Fred Foldvary on NATO
|January 9, 2007||Posted by Fred Foldvary under Archive, Progress Report, The Progress Report|
by Fred E. Foldvary, Senior Editor
The chiefs of NATO’s 19 member countries celebrated the 50th anniversary of the North Atlantic Treaty Organization in Washington DC on Friday, April 23. NATO, founded on April 4, 1949, evolved from the alliance of the United States, the United Kingdom, Canada, and other North Atlantic allies during World War II. Its main purpose was to counter the threat of Soviet expansion.
But NATO had an important second purpose, and that was to fold Germany into the western military alliance in order to prevent an independent German military from rising again. After two world wars against Germany, the governments of the U.S.A., the U.K., France, and others, feared the revival of German military power. When the Federal Republic of Germany, or West Germany, joined NATO, its military force became part of the NATO armed forces.
The main reason for NATO dissolved after its 40th anniversary, as the Soviet Union began to disintegrate. But its secondary reason became even more important as West and East Germany unified into the most powerful economy and potential military power in Europe.
With Germany now being integrated into an economic union with much of the rest of Europe, the fear of German military conquest is receding. Ever closer economic union implies having common economic policies. A common currency implies a common money and banking policy for the European Union, and there is pressure for common tax policies, unfortunately with the value-added tax rather than with land-rent. At any rate, a common political union is on its way, and this will be followed by a push for an independent European military force.
NATO’s mission has already changed, with its war on Yugoslavia, a country which was no threat to any NATO country. The new members, Poland, Czechia (the Czech Republic), and Hungary, see NATO as protecting their newly obtained political independence. NATO will most likely continue to exist for another decade. But is NATO still beneficial to the world, and to the United States?
In purely economic terms, in its costs and benefits to Americans, NATO is no longer a net benefit. It costs American taxpayers over a hundred billion dollars per year to maintain the U.S. military presence in Europe. There is also a significant cost in NATO’s generating hostility in Russia. The main benefit now is American influence and power in Europe, but that is hardly a benefit to the American public. The military rationale for NATO is gone — America should rationally let NATO commitments expire, as befits a jubilee. Let the NATO members go back to their original neutrality.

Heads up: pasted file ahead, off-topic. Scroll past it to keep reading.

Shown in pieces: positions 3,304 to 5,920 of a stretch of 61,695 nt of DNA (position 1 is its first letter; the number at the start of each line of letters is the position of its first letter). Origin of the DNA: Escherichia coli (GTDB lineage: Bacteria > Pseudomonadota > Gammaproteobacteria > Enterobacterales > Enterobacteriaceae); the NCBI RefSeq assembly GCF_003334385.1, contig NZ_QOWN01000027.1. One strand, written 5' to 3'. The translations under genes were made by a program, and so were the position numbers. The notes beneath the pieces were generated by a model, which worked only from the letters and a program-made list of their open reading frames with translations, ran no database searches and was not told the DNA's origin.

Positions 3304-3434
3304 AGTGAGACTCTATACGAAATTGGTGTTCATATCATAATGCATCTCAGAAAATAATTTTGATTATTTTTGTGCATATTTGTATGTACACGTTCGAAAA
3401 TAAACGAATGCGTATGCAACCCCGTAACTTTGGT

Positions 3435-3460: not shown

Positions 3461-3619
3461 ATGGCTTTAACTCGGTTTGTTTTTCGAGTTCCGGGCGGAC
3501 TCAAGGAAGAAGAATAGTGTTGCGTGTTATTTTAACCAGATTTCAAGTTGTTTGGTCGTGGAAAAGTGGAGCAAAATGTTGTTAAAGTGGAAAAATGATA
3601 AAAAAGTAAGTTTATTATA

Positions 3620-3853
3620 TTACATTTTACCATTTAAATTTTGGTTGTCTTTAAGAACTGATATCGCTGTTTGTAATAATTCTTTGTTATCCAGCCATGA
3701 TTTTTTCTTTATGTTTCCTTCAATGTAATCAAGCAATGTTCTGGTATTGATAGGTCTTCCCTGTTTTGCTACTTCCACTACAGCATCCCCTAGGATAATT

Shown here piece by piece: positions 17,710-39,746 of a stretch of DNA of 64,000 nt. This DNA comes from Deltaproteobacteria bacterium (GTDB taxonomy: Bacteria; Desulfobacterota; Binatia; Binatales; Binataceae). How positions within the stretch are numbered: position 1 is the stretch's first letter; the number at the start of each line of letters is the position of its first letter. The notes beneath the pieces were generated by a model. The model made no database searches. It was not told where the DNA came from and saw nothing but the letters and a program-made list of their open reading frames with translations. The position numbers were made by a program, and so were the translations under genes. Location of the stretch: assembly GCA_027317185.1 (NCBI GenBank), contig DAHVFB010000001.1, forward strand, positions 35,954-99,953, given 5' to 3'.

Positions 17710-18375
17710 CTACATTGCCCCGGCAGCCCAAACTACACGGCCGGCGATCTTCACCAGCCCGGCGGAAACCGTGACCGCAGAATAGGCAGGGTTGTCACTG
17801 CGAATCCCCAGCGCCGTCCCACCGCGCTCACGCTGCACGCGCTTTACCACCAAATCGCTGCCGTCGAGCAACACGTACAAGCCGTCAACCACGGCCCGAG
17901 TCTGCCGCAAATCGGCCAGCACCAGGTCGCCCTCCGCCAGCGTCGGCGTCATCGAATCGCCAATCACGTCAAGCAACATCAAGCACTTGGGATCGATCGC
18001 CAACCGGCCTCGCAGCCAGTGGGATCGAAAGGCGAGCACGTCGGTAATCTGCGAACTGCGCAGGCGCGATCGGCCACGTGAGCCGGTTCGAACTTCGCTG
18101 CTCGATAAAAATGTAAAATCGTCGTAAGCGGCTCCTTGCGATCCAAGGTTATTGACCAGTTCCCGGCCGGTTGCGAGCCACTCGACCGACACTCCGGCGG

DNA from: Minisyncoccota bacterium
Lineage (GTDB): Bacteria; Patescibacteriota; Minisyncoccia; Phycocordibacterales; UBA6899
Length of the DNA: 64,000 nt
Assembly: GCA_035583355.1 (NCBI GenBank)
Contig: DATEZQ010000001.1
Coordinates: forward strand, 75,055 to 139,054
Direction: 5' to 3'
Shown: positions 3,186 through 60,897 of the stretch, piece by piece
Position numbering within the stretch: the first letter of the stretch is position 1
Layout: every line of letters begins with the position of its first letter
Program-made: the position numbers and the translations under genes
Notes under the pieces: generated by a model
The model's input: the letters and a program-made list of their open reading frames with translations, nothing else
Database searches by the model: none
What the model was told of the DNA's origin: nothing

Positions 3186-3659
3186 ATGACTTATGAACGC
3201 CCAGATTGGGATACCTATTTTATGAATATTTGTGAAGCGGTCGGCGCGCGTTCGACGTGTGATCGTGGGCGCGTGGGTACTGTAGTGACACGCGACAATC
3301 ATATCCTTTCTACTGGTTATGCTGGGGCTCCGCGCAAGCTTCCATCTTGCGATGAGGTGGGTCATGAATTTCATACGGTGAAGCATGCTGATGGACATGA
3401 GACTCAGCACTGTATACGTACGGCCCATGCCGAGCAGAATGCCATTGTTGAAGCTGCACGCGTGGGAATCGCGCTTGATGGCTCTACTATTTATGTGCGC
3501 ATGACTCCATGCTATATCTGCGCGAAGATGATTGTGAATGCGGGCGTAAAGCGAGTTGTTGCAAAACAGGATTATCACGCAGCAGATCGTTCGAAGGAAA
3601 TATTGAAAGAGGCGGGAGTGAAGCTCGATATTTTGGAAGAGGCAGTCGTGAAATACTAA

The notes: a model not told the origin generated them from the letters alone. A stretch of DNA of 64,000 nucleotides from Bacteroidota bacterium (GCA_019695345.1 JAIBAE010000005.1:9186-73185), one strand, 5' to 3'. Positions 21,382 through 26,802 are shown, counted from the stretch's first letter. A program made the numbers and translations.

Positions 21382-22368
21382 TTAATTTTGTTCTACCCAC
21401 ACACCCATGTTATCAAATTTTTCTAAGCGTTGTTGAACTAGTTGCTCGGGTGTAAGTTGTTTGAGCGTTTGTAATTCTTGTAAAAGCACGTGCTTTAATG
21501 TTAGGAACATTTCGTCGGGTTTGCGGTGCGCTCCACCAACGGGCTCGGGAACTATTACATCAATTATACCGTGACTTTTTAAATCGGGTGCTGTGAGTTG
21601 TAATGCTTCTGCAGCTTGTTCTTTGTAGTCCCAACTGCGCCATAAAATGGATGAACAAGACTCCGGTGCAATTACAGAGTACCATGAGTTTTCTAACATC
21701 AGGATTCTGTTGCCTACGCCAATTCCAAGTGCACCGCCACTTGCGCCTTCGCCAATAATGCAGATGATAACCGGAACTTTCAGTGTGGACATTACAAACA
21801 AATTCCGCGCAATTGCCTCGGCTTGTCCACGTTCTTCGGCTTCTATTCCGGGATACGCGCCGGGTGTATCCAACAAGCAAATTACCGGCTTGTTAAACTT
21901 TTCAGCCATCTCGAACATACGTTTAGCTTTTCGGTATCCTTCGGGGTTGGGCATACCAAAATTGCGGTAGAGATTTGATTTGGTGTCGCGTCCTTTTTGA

That will not happen, because the chiefs of government benefit from maximizing their global power. But NATO will either be disbanded or be radically changed in the early 21st century. Europe will most likely become a united military power, merging their national armies into a colossal European force. United Europeans will no longer need American protection. NATO will no longer make sense.
There will most likely be four great global powers in the 21st century: the U.S.A., United Europe, China, and Russia. There is no guarantee that the USA and Europe will remain allies. Conflicts among any of these powers and struggles for control of the rest of the world are quite likely. Countries such as the United Kingdom and Japan will remain secondary powers, the UK torn between its ties to the US and to Europe, Japan torn between the US and China. India may possibly later emerge as a fifth power as it gradually liberalizes its economy, and a sixth power consisting of united Muslim countries is also possible.
It is also quite likely that there will be global economic depressions that will have political and military consequences, just as the Great Depression of the 1930s led to the rise of the Nazis in Germany. If the current real-estate cycle follows past patterns, a global depression will arrive around the year 2009. The recent financial crises in Asia, Russia, and Brazil will be nothing compared to a global economic collapse.
The 21st century will be a different world than the century now coming to a close. If the Y2K troubles don’t shake up the global economy, then the depressions that are inevitable under current economic policies will. Europe is on its way to a military union that may not be friendly to the USA. NATO is on its way out; the only question is how it will disappear or merge into a more global military force.
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Copyright 1999 by Fred E. Foldvary. All rights reserved. No part of this material may be reproduced or transmitted in any form or by any means, electronic or mechanical, which includes but is not limited to facsimile transmission, photocopying, recording, rekeying, or using any information storage or retrieval system, without giving full credit to Fred Foldvary and The Progress Report.